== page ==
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Should Autonomous Cars Be Driving More like Us?

By: Bridget Clerkin October 25, 2018
Self-driving vehicles are made to drive better than humans. But, like robots, they miss a key factor in their operation: the ability to interpret the subtleties of body language.
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One of the biggest and most consistent arguments for taking on the immense task of filling the world with autonomous cars has been their potential for safety.

Experts have predicted that the robotic vehicles, impervious to distraction, sleepiness, and all other biological issues facing their flesh-and-blood counterparts, could save a minimum of 3,000 lives a year—and as many as 500,000 lives over the course of the next 50 years. And despite a recent dip in the annual traffic fatality toll, human drivers remain far from perfect, causing 37,133 deaths on the road last year alone.

Yet one engineering firm is arguing that learning to drive more like us will be a crucial next step in the evolution of the autonomous rides.

The issue arises in one place where human motorists have an inherent leg up on the mechanical chauffeurs: interpreting the subtleties of body language.

Whether drivers realize it or not, they likely make a number of decisions based on these tiny interactions every time they hit the road, from assessing the intentions of pedestrians and bicyclists to determining who should move next through a four-way stop.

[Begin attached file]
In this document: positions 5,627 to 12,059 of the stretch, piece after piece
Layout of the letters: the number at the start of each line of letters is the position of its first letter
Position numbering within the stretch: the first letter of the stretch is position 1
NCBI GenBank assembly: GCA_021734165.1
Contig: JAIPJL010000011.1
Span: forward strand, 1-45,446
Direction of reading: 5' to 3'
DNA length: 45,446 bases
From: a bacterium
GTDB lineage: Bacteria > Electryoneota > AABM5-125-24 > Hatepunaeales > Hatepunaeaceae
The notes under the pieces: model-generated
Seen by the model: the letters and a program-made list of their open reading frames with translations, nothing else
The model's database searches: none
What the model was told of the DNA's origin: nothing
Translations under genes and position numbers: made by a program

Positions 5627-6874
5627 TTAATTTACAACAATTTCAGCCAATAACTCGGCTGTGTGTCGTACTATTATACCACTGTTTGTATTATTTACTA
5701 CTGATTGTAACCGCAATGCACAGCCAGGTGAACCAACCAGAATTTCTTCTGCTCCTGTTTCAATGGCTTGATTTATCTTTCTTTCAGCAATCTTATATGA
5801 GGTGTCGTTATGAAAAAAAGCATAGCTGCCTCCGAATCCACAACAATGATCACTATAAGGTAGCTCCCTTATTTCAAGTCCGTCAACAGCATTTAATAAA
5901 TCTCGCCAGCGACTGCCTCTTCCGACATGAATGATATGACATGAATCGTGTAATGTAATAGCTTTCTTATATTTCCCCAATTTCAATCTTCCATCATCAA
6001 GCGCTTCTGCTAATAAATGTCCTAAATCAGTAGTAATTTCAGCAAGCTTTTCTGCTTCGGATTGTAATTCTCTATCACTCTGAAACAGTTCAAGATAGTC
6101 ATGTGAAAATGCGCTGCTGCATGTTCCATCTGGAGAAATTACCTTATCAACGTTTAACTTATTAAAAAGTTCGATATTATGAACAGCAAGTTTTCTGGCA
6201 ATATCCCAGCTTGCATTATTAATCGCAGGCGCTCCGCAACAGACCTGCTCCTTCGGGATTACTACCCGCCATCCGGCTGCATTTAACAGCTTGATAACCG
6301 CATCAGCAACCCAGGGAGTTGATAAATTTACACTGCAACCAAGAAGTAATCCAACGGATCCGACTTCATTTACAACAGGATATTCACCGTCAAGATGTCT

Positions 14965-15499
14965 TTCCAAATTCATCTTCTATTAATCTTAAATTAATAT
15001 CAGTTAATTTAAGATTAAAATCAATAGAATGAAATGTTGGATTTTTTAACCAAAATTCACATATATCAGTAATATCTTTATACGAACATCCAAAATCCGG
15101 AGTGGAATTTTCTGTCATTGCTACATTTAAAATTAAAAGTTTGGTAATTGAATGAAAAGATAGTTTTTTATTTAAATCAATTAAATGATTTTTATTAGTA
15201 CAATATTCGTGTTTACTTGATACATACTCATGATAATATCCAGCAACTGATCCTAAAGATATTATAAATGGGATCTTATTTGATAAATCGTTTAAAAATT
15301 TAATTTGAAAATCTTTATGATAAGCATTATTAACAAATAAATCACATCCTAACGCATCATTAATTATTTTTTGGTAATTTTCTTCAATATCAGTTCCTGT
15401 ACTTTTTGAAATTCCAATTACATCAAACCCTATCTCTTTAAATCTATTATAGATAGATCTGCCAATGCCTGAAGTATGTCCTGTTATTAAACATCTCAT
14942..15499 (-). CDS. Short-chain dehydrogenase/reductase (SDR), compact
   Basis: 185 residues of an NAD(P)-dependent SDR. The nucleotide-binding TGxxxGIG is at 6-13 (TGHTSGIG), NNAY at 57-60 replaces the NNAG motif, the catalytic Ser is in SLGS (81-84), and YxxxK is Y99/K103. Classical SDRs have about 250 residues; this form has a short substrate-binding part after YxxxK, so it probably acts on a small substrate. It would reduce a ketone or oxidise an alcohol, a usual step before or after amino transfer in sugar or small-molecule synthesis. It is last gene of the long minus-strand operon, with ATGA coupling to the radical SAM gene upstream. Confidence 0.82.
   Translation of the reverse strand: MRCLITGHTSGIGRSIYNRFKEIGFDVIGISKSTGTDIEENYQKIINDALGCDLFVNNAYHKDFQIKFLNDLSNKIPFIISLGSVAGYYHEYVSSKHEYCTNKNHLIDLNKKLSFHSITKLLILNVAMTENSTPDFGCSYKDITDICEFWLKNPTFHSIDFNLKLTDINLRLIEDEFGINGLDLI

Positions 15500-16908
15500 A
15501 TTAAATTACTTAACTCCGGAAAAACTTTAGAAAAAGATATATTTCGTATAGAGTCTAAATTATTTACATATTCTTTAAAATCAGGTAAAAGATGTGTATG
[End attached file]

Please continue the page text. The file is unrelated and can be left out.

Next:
The new program, developed by Boston-based group Perceptive Automata, attempts to interpret the confusingly human communication for the robo-cars, allowing them to weigh whether a pedestrian is planning to cross the street, and to then move—or not move—accordingly.

Currently, the cars are programmed to remain overly cautious, directed to sit tight and wait out any scenario in which they detect a human who looks to be crossing the street. But even if a person changes their mind, stops short, and waves the car on, the vehicles remain idle, causing confusion and potential issues with other cars on the road.

With the new software, the vehicles will instead learn to look for forward momentum—whether a person is walking with the intention of going all the way or if they stop, stutter, or otherwise dawdle about the decision. And engineers are hoping the tweak will also give further momentum to the adoption of driverless rides in general, allowing them to more seamlessly slip into the stream of traffic.

All told, the predictive algorithm attempts to give autonomous cars a bit of human intuition. And with the deep-learning algorithms powering the program, it likely won’t be long before the vehicles master the task—and start asking each other, “Why did the human cross the road?”

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